The only organization dedicated solely to helping state boards advance equity and excellence in public education.


International and national assessments suggest that U.S. students’ mathematics performance declines drastically as they progress to higher grades. Improvement in K-12 performance remains elusive despite efforts to set more rigorous academic standards, align curriculum materials more closely with those standards, and test more frequently. Such reforms have not changed how math is taught. Math instruction in the United States still focuses more on rules than on making sense of concepts. Until that changes, student performance is unlikely to change. One way to improve instruction is through a more systematic approach to teacher training.


Achieving Equity and Excellence in Mathematics Teaching





Also In this Issue

The Impact of COVID-19 on Math Achievement

By Elizabeth Peyser, Jennifer Sattem and Matt Dawson

Without urgent attention, the problem of unfinished learning will compound as students advance to later grades.





High-Dosage Tutoring

By Beth Schueler

Strong evidence points to equity and well-being benefits from well-designed programs.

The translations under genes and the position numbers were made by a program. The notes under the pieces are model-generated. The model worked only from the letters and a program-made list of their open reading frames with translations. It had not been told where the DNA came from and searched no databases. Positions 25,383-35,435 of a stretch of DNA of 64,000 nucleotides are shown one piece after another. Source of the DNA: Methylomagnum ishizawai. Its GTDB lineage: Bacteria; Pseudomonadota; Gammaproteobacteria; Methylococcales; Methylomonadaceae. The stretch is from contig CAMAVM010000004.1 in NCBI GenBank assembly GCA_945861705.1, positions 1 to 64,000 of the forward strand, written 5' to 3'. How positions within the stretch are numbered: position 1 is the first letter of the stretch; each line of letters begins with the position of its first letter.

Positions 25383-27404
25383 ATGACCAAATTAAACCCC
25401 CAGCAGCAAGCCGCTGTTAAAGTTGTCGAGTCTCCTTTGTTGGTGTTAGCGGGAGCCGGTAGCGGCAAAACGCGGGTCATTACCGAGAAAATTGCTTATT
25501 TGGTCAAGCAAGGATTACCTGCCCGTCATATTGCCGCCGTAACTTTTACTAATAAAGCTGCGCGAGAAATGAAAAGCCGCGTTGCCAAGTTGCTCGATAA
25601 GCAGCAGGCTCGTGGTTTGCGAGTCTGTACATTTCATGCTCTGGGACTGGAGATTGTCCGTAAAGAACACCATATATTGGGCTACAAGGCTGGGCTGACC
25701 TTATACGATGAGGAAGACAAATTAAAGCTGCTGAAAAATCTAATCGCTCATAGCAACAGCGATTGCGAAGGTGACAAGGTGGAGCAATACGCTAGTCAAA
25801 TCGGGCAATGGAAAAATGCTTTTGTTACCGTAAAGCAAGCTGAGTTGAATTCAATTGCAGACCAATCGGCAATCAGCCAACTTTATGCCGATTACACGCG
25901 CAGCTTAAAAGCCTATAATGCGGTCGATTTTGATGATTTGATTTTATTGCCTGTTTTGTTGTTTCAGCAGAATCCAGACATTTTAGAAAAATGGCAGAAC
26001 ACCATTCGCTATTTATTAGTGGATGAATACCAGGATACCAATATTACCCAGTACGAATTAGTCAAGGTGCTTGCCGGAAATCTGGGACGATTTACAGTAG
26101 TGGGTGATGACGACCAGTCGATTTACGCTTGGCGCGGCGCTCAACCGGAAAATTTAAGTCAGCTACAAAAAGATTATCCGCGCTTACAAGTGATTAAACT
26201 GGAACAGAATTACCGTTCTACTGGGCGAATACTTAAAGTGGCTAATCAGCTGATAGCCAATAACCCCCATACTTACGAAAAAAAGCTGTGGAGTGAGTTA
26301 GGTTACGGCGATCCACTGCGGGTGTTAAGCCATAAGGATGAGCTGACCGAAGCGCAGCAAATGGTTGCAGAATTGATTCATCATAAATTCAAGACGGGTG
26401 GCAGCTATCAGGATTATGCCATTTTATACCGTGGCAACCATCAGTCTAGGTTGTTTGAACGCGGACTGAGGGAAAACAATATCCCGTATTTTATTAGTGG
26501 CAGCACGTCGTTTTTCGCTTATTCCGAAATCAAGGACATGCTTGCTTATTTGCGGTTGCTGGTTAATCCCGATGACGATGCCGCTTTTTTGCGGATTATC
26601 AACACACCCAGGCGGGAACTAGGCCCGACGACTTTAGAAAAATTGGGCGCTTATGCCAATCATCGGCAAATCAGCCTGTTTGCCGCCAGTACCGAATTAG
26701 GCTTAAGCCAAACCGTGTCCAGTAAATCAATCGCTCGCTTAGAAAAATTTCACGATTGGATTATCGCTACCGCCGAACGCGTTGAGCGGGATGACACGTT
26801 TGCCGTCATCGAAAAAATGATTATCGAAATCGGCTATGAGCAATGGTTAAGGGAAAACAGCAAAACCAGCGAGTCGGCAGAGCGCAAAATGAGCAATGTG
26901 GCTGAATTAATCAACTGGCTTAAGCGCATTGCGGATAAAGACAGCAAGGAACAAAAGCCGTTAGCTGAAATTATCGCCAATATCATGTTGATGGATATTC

Advancing Science Instruction

By Bobbi Newman

State boards can lean into efforts to boost K-12 science literacy and beef up access to high-quality, inquiry-based education.





The Urgent Need for Tailored Math Instruction

By Joel Rose and Michael Watson

States can shift away from grade-level myopia to help students catch up.






10 Lessons Learned from the Science Classroom

By Ryan Fuhrman

Experience with high-stakes accountability informs teacher's standards setting on the state board.





Mulling Changes to Math Instruction

By Jennifer Langer-Osuna and Jo Boaler

A framework proposed in California seeks to boost achievement by increasing the engagement of all students.





Achieving Equity and Excellence in Mathematics Teaching

By Yasemin Copur-Gencturk

States should revamp how teachers are equipped to deliver effective instruction.







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